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John F. Kennedy may have been the first major political candidate to go on late-night television when he visited Tonight Starring Jack Paar in 1960, but one of the most significant appearances, the catalyst for so many in the years since, was Bill Clinton’s appearance on The Arsenio Hall Show in 1992, when he infamously played the saxophone. A captive audience of millions, a relaxed atmosphere, a chance to seem relatable—why wouldn’t a political candidate do the talk show rounds?

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Indeed, critics suggest that these appearances create a focus on image rather than policy, but research into the 2004 appearance of Democratic presidential candidate John Kerry on Letterman demonstrates that young people who watched the show became knowledgeable of key issues in his campaign. Oberlin politics professor Michael Parkin writes that after watching the interview, viewers emphasized policy positions about which Kerry had spoken in regard to security and the economy. This was in contrast to those getting information from an explicitly political news show such CBS News’s Face the Nation; Parkin’s experiments show that it was “almost like having no exposure to it at all.”

As political scientist Matthew A. Baum notes, serving politics via late-night captures the attention of otherwise politically disinterested viewers. While members of the viewing audience may not be the most politically engaged, they vote in significant enough numbers for campaign managers to consider it worthwhile. For those trying to poach voters from the opposition, it may be even more worthwhile. Those normally disengaged viewers are more likely “to find the opposition party candidate likeable, as well as to cross party lines and vote for [them]…”

The absence of negativity, at least while the candidate is physically present, turns out to be a boon. This is why late-night can be a good shout even for divisive figures. During the 2016 presidential cycle, then-candidate Donald Trump appeared on Fallon, where the host famously ruffled Trump’s hair. After the latter was elected, that moment was condemned by some as having inadvertently undermined the danger of Trump.

In the past, hosts like Johnny Carson and Jay Leno avoided taking partisan stances so they wouldn’t alienate half their viewers. Letterman and his successor, Conan O’Brien, did the same for the most part. In more recent years, journalists have discussed what is perceived as an increasing politicization and partisanship of late-night, tracing this phenomenon back to Jon Stewart taking over The Daily Show. Stewart “injected point of view,” writes Bill Carter for CNN. “Late night has not looked back since.”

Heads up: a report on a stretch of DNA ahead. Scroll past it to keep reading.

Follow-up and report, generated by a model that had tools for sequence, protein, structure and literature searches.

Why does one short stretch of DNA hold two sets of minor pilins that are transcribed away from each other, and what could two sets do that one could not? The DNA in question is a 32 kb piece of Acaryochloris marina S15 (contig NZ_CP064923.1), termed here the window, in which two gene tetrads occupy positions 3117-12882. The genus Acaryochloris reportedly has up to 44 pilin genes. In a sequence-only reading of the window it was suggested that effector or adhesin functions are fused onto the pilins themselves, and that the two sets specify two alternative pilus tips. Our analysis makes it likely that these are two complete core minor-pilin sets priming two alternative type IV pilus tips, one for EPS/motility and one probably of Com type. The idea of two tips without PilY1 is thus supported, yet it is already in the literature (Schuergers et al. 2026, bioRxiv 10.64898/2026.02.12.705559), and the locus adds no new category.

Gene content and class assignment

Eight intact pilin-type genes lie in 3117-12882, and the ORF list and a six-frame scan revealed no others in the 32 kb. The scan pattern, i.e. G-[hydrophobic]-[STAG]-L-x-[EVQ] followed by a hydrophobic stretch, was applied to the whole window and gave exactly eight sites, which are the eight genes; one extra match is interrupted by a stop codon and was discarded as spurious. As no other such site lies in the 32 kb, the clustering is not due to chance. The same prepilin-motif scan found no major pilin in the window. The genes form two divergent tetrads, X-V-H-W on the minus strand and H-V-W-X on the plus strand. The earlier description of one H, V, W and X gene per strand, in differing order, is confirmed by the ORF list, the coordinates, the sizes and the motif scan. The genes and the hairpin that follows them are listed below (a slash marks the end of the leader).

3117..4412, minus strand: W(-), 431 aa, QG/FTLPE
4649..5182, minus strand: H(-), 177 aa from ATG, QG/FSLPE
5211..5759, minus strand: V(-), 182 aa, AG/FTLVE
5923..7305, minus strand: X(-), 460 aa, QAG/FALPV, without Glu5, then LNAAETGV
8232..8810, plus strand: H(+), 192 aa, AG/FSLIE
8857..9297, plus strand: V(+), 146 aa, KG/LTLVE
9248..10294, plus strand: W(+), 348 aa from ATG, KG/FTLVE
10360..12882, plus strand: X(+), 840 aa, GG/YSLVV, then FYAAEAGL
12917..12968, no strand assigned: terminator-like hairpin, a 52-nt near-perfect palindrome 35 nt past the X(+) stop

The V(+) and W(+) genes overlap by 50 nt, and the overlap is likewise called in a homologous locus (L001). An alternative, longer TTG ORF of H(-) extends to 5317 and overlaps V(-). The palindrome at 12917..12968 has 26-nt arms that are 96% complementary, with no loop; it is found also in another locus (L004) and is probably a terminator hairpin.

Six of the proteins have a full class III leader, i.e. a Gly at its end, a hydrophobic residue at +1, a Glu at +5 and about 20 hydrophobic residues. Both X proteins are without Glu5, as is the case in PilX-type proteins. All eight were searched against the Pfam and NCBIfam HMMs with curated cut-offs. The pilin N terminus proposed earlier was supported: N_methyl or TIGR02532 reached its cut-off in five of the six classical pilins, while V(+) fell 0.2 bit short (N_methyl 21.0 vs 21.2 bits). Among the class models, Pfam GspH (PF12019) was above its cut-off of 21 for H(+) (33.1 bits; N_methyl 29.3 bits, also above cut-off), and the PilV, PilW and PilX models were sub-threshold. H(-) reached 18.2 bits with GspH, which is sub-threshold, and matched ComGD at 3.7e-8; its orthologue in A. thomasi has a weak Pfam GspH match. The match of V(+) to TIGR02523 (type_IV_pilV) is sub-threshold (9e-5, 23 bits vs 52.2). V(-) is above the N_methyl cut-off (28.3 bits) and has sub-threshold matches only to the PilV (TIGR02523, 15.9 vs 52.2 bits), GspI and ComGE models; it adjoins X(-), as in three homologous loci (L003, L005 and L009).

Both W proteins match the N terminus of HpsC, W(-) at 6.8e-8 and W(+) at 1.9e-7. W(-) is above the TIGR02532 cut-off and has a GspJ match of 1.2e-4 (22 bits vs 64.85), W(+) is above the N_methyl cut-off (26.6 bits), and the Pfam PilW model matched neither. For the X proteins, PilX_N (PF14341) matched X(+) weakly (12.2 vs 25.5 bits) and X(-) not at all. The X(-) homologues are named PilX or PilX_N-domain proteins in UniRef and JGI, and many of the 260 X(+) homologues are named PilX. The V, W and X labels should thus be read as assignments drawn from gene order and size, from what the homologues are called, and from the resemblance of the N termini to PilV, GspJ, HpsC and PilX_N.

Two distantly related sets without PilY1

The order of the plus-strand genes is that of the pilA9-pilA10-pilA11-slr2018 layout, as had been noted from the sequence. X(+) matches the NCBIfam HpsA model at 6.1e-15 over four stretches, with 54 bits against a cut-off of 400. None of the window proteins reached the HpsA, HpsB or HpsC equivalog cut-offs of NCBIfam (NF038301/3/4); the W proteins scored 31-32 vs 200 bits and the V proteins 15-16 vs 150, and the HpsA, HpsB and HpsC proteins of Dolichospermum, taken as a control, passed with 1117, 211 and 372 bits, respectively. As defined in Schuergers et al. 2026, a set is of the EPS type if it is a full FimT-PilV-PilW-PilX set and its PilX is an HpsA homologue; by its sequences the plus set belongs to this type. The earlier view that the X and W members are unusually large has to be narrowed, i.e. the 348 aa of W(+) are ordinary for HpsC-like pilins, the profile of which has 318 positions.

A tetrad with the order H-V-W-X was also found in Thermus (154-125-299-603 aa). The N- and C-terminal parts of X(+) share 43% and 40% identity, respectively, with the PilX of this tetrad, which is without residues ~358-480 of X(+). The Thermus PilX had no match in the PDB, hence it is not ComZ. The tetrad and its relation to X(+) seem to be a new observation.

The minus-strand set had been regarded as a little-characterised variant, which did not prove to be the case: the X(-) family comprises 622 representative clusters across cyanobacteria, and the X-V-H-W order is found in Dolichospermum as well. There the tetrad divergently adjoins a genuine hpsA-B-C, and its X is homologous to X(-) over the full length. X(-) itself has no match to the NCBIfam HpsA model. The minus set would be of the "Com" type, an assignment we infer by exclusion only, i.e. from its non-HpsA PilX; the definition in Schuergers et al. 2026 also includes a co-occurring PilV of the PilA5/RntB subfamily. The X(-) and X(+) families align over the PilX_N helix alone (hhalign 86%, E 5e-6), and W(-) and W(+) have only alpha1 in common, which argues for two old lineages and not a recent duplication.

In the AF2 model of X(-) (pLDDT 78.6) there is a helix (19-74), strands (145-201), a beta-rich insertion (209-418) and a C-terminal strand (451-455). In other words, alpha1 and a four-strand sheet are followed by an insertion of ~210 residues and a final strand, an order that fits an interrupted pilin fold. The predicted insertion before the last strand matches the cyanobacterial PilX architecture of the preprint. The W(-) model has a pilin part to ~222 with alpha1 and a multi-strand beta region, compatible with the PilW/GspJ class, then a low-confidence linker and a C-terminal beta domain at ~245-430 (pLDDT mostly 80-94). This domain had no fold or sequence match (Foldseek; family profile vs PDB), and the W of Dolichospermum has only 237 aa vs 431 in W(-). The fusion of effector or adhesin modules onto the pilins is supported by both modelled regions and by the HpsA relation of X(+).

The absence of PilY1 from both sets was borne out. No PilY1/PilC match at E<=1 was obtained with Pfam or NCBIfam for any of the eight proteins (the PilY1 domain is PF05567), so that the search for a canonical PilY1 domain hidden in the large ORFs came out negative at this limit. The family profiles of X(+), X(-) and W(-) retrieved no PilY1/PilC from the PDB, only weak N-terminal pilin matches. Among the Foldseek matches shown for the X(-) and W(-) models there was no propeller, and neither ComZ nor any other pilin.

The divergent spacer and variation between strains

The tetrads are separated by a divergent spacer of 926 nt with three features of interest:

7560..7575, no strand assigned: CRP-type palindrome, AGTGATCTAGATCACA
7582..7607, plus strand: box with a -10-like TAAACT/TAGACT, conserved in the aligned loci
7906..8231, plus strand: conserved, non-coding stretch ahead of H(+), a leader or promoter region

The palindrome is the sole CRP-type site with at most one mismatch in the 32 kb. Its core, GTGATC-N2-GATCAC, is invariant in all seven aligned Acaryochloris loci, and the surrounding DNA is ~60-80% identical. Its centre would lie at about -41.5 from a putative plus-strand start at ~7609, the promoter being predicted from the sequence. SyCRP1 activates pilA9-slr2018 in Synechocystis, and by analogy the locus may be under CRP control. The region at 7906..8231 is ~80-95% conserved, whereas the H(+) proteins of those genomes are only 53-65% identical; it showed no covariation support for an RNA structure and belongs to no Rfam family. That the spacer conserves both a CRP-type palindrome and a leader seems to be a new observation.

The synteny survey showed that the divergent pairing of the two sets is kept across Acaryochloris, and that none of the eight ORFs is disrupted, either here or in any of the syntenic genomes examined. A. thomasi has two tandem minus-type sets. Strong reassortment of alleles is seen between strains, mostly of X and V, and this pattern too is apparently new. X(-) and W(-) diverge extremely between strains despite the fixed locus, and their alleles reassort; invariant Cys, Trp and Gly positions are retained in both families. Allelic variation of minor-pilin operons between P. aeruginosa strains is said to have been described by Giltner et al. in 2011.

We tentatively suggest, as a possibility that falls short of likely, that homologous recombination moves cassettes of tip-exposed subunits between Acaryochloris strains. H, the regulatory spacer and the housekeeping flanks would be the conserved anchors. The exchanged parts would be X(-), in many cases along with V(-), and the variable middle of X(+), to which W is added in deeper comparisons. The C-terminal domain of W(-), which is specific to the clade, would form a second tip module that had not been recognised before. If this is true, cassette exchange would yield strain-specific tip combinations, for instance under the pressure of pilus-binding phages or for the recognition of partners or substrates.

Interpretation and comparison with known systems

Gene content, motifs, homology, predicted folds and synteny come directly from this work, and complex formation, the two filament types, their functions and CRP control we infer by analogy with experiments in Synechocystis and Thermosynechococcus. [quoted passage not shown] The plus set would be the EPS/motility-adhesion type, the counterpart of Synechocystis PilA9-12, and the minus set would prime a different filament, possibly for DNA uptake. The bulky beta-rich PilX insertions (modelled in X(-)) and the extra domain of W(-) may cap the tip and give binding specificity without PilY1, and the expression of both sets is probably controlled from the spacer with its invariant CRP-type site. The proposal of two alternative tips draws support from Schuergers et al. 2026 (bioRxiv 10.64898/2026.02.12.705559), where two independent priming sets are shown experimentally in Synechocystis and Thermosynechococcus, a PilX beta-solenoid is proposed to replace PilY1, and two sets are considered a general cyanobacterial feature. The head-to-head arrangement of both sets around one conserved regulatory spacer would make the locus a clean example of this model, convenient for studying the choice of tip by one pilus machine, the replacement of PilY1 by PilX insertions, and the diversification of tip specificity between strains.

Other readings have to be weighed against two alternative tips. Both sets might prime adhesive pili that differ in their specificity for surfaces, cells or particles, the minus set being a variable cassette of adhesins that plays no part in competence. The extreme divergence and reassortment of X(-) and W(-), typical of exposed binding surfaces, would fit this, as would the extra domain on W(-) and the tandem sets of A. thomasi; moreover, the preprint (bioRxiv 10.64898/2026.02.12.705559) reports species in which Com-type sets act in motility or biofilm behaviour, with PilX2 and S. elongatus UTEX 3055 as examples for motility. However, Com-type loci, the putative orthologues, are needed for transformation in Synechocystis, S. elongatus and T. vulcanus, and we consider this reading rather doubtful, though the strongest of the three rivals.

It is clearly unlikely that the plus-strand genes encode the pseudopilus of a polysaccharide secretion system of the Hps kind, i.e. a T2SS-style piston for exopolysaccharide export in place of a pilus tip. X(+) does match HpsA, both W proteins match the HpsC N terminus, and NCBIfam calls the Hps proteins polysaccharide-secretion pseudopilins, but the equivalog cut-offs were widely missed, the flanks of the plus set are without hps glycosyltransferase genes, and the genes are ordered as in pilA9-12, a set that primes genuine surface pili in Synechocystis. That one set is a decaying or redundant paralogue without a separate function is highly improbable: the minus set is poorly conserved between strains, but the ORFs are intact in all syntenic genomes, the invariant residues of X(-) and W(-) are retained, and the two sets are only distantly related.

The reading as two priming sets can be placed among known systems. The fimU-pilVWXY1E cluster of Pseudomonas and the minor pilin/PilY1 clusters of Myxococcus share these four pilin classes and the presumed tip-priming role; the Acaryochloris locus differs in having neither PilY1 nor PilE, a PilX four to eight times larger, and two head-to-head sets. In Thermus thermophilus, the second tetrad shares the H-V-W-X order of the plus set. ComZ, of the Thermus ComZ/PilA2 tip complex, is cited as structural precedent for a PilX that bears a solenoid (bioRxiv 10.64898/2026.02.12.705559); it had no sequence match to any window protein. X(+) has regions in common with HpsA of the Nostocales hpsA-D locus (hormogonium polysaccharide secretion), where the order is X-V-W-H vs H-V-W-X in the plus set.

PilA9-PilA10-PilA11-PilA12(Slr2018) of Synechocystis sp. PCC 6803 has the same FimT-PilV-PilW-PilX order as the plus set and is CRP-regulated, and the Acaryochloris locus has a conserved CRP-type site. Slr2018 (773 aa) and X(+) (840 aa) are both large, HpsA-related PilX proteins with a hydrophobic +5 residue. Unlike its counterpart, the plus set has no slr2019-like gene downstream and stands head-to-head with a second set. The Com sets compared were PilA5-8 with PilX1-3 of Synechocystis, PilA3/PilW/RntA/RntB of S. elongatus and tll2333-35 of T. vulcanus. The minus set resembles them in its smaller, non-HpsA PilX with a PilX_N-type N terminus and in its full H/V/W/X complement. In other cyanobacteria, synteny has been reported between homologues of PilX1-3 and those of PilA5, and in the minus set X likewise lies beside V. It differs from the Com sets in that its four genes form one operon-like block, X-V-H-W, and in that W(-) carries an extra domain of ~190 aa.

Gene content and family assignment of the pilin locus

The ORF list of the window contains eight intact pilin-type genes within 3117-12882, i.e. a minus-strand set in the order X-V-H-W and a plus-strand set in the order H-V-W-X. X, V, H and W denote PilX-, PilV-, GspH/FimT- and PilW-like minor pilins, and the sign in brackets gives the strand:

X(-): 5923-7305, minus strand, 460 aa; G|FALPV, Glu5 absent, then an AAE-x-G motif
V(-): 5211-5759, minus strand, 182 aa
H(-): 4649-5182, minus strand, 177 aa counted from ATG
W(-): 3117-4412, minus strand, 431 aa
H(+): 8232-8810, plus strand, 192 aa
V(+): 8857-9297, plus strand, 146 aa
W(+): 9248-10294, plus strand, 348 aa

During the 2004 presidential primaries, most Democratic candidates appeared on shows like: The Jay Leno Show, Letterman, and The Daily Show. According to Variety, politicians made more than 100 appearances on late-night during the 2008 presidential cycle. Obama became the first sitting president to appear on late-night, and Biden has followed his example, appearing on Jimmy Kimmel Live! for his presidential late-night debut. There’s been a trickle-down of sorts with not just presidential candidates but everyone from senators to congresspeople, Joe Kennedy III to Alexandria Ocasio-Cortez, doing the late-night circuit. In an era where a ninety-second clip can gain millions of views beyond the night it airs, late-night looks like it will continue to be an arena into which some politicians will feel the need to enter.

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Political Research Quarterly, Vol. 63, No. 1 (March 2010), pp. 3–15
Sage Publications, Inc.
American Journal of Political Science, Vol. 49, No. 2 (April 2005), pp. 213–234
Midwest Political Science Association